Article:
Even as it poked fun at Microsoft (NASDAQ:MSFT) during its annual I/O developer conference in San Francisco yesterday, Google (NASDAQ:GOOG) may have unwittingly helped Mr. Softy.

Death knell for netbooks?
CEO Eric Schmidt kicked off the proceedings by invoking the spirit of his former boss -- Sun Microsystems' (NASDAQ:JAVA) co-founder Scott McNealy -- in declaring an age of opportunity for browser applications. "The browser is the computer," a headline at CNET's News.com blared.

Can you imagine if he's right? Buh-bye, netbook. Hello, PC.

Why? Cloud computing is exceedingly complex, like a giant machine with millions of microscopic moving parts. Some of those parts exist on the machine you're using right now. Memory, CPU horsepower, Internet bandwidth -- the degree to which your system can deploy and consume these and other system resources plays a huge role in how effective you, the user, will be in accessing services and software in the cloud.

Schmidt referred specifically to HTML 5, but that's really just a code phrase for "scripts" in general. Scripts are lines of code that are designed to execute some function in a computing system or network. Cloud computing environments depend on scripts to "call" a remote server or database and retrieve code that adds to your experience -- by playing a video, for example.

Nyet, netbook, nyet
Do today's netbooks from have the horsepower to run multiple simultaneous scripts inside a full-featured browser, in a way that replicates the PC experience? I doubt it. Scripts consume CPU cycles. Some of them consume boatloads of CPU cycles.

Try using a Twitter client, which uses Adobe's (NASDAQ:ADBE) AIR platform for accessing the cloud. My client of choice, Seesmic Desktop, occasionally threatens to consume a third of my MacBook Pro's processing horsepower. Now tell me again why anyone would want to leave cloud computing to the netbooks?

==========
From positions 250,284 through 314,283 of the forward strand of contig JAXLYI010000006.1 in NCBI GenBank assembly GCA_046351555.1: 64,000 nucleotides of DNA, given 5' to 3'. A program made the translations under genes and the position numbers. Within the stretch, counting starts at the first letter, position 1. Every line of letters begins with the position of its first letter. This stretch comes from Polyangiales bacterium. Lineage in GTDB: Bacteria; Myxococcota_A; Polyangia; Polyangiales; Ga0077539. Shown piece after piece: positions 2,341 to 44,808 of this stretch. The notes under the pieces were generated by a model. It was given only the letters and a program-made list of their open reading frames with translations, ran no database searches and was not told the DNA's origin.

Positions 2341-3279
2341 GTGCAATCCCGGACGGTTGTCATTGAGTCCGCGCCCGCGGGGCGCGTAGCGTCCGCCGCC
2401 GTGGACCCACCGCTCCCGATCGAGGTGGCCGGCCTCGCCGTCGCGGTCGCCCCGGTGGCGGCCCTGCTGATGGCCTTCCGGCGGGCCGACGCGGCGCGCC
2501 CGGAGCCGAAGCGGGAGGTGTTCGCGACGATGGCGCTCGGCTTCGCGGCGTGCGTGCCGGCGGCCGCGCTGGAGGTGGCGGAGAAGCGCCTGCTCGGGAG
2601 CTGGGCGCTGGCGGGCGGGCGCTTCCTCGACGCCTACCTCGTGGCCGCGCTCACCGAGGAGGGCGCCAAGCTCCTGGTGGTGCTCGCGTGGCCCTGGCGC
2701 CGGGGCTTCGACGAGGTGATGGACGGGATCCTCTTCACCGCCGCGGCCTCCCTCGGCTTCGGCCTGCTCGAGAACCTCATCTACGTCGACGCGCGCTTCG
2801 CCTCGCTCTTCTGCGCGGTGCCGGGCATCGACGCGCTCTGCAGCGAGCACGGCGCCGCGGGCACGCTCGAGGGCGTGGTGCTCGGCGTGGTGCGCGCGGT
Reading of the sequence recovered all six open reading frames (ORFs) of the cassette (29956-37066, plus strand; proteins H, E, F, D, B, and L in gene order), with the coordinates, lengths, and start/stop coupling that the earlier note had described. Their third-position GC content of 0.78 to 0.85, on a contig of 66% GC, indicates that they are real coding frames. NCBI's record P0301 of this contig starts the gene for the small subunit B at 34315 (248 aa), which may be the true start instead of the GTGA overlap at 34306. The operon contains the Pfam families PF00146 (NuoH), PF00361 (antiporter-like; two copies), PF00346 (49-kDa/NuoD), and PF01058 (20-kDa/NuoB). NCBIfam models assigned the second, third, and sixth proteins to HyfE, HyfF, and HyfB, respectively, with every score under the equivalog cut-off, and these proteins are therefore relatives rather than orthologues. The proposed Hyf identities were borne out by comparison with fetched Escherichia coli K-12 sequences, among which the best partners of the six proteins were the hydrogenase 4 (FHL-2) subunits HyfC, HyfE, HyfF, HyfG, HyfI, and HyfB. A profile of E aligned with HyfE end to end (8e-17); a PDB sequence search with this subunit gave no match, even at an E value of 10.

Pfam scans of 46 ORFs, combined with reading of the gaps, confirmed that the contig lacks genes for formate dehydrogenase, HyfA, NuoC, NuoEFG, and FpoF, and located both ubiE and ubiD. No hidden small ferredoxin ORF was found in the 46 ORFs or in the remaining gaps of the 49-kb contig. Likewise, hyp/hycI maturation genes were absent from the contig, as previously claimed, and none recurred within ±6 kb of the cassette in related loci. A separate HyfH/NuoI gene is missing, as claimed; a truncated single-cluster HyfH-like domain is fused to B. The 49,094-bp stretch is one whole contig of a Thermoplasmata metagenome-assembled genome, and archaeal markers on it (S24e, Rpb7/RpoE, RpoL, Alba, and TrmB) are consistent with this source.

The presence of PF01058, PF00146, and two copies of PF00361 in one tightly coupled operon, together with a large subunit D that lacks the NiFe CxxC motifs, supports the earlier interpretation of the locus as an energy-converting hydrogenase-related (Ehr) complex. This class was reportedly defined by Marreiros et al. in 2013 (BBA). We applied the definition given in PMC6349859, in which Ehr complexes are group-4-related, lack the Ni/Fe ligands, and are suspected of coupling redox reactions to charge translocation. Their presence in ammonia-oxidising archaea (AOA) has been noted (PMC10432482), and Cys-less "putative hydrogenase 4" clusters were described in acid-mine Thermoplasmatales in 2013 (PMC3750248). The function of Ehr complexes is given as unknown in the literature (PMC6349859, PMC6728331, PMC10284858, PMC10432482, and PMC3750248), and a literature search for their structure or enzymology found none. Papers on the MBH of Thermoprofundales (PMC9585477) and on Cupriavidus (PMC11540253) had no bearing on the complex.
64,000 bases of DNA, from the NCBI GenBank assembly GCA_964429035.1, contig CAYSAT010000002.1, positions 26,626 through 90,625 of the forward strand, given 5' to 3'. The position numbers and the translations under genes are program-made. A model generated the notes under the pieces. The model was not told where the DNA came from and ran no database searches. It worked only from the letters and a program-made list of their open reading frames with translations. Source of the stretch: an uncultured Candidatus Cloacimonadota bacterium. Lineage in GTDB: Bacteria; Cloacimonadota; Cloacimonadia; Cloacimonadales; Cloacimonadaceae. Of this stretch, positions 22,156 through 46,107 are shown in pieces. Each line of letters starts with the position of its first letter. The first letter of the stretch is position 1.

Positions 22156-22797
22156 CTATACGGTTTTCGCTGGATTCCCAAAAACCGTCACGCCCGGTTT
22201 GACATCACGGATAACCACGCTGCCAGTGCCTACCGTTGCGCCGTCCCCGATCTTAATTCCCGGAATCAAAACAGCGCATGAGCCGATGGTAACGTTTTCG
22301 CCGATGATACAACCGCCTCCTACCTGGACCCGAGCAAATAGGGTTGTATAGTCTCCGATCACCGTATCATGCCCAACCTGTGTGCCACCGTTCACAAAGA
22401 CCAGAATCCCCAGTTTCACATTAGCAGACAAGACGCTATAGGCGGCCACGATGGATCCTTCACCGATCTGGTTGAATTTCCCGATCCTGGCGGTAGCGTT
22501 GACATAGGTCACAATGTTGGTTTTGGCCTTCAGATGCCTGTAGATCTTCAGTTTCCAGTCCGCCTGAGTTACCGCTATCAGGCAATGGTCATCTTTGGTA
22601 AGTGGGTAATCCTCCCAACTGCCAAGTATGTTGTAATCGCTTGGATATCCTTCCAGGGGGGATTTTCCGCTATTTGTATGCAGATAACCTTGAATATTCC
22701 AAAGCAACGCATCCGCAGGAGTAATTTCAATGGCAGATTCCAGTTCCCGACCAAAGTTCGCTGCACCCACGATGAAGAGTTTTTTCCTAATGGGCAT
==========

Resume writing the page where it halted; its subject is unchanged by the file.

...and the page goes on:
Hello? Is anyone there?
Interestingly -- and not coincidentally, in my view -- demand for netbooks has softened, even as cloud computing ascends to the levels of which Schmidt spoke. Sales of Intel's (NASDAQ:INTC) low-power Atom processor fell through the floor in the most recent quarter, allowing rival Advanced Micro Devices (NYSE:AMD) to pick up market share.

PC shipments, meanwhile, are expected to see flat to slightly negative growth in the second quarter. Not so good, right? Sure, but better than the backsliding we're seeing in netbooks. Only time will reveal whether the sudden slackening of netbook demand is a hiccup or a trend, but I sense we've entered a Tim "The Tool Man" Taylor era of computing, in which we crave more power because we want to do more with the cloud.

Raining on the cloud computing = netbook nirvana myth
I have no doubt that Schmidt is right. Cloud computing is inevitable, but not because it's easier to implement or costs less. Browser-based software is more intelligent because it's more connected. Only on the Web can you view a map, get directions, and confirm your movie tickets, all in the same screen.

So let's please drop this idea that the Web is some grand egalitarian utopia where digital 98-pound weaklings don't get sand kicked in their faces. They do, okay?

If anything, the shift to cloud computing is ushering in an era of PC muscle machines unlike any we've seen before. Certainly, that's good news for higher-end computer makers such as HP and Apple (NASDAQ:AAPL).

But it's good news for Microsoft, too.

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